What makes these numbers and figures even more disquieting is that many observers say only the tip of the iceberg is showing. ''We are just beginning to recognize the problem,'' says Dr. Joseph Pursch, corporate medical director for Comprehensive Care Corporation. ''But the only time you see the workers with problems is when they reach the surface and by then,'' he says, ''they're pretty well gone.''
Steve, another drug-dependent New York stock broker, admits that it's not that difficult to disguise the affects of drug taking on the job. ''If you're on a 24-hour cycle, you can (take drugs) after work, and it'll last you through the next day.'' But he admits that a chronic habit will eventually get in the way. ''Sometimes I would get up from my desk at 12 and just not come back. You can't do that forever.''
Yet some experts point out that industry has been slow to face the drug abuse problem. ''Industry has a long history of alcohol prevention and treatment programs,'' says Prof. David Lewis, chairman of the Community Health Department at the Brown University Medical School. ''But on the drug side, they're still touchy. Drug programs just do not have the sophistication that company alcohol programs have.'' Another observer puts it more bluntly: ''I don't think we're going to see any real action until there's a major mishap--when someone on Wall Street sells when he should buy, or buys when he should sell.''
One new villain that the corporate and military worlds face in their fight against drugs is cocaine. This powdery drug has become an emblem of status for part of America's middle class, including much of the working world.
''Cocaine is definitely the drug of the '80s,'' says Dr. Ronald Segal, a physician with the University of California at Los Angeles Medical School who has researched the drug for more than 10 years. ''While the '60s were the heyday for marijuana and psychedelic drugs and all their inward turning, consciousness expanding, alternative life-style seeking users, the '80s sees those same users now dropping back into society.''
Cocaine, says Dr. Segal, is their drug of choice now. ''People think they can work harder, faster, and better by using it.'' And despite growing evidence that the drug is harmful, Segal says he does not think that the 15 million Americans who now use it are likely to stop in the near future. And the amount of cocaine entering the country has risen sharply during the last two years, say US enforcement officials.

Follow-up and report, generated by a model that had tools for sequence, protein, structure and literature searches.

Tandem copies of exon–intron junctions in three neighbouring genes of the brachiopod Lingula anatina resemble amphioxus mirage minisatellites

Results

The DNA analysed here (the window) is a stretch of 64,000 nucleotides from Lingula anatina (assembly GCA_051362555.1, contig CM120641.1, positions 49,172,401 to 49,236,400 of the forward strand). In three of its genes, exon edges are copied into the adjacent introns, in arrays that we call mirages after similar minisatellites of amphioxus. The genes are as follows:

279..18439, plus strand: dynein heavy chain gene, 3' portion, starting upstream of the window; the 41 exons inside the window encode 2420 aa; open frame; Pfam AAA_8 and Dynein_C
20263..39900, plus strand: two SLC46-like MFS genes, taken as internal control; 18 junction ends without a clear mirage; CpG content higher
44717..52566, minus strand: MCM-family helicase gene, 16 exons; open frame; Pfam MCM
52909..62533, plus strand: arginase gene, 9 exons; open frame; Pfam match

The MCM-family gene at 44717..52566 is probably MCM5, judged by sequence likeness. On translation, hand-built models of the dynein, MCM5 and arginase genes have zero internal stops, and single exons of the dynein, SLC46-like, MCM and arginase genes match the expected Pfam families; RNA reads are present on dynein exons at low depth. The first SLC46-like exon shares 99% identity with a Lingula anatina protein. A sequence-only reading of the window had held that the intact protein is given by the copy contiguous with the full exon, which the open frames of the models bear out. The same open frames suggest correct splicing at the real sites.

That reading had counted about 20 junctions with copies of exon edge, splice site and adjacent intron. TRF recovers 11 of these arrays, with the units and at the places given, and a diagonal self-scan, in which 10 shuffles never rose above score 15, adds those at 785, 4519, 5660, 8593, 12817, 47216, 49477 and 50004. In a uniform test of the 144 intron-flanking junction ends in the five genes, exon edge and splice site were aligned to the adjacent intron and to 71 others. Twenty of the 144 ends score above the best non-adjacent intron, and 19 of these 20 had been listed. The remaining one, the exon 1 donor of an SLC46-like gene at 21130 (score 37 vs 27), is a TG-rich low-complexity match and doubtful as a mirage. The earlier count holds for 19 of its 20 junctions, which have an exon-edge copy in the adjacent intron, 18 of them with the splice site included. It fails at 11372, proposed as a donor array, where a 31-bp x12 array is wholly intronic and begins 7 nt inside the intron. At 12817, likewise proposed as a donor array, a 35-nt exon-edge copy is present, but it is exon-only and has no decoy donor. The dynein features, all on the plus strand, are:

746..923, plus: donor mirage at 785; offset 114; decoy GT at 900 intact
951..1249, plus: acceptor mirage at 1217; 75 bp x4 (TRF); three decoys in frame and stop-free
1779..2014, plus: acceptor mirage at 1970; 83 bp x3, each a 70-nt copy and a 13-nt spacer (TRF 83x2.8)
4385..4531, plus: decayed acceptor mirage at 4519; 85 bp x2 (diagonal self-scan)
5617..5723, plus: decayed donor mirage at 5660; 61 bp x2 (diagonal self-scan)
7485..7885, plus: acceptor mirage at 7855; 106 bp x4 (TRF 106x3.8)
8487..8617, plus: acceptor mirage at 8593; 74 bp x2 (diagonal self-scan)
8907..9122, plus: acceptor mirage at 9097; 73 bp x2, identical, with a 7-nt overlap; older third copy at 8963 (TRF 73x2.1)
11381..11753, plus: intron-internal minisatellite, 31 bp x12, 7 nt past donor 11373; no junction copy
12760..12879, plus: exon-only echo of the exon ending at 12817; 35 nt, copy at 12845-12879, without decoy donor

Clearly the foe confronting industry is a stubborn one. But many companies are rising to the challenge. Some recent efforts and encouraging signs:
* The Gillette Company conducts periodic ''employee information days'' to discourage workers from taking drugs and to inform them of the hazards. Such ''prevention through education'' programs are now being adopted by other firms.
* In Maryland, community groups and businesses (including the Marriott Corporation, IBM, and the Washington Post) have launched a program aimed at educating the public, stressing drug-free alternatives and available local services. The one-year-old public information campaign, called Business/Community Team against Drug and Alcohol Abuse, operates in Montgomery County.
* Many unions are demanding that worker treatment and prevention programs be set up in the workplace. Two years ago the AFL-CIO passed a resolution recommending that its unions include drug and alcohol prevention and rehabilitation programs in bargaining with management.
* The Association of Labor and Management Administrative Consultants on Alcoholism Inc. (ALMACA) has seen a surge in its corporate and union membership. A professional association of alcohol and drug consultants, ALMACA is reporting ''recovery rates (in employee assistance programs) like never before'' from its battery of consultants.
* An increasing number of rehabilitated drug users are reentering the work force. The New York-based National Association on Drug Abuse Problems (NADAP) placed more than 500 former drug users in industry last year, a record. Nationally recognized as a model program for connecting local firms with community needs, NADAP has placed more than 1,800 ex-users in the 11 years since its inception.
New York's Citibank has hired more than 100 of them over the past decade. The bank also served as host of a recent seminar for drug--and alcohol-rehabilitation professionals on how to raise money from the private sector.
Many smaller companies, too, are moving to combat the problem. And in many cases their efforts extend beyond the company.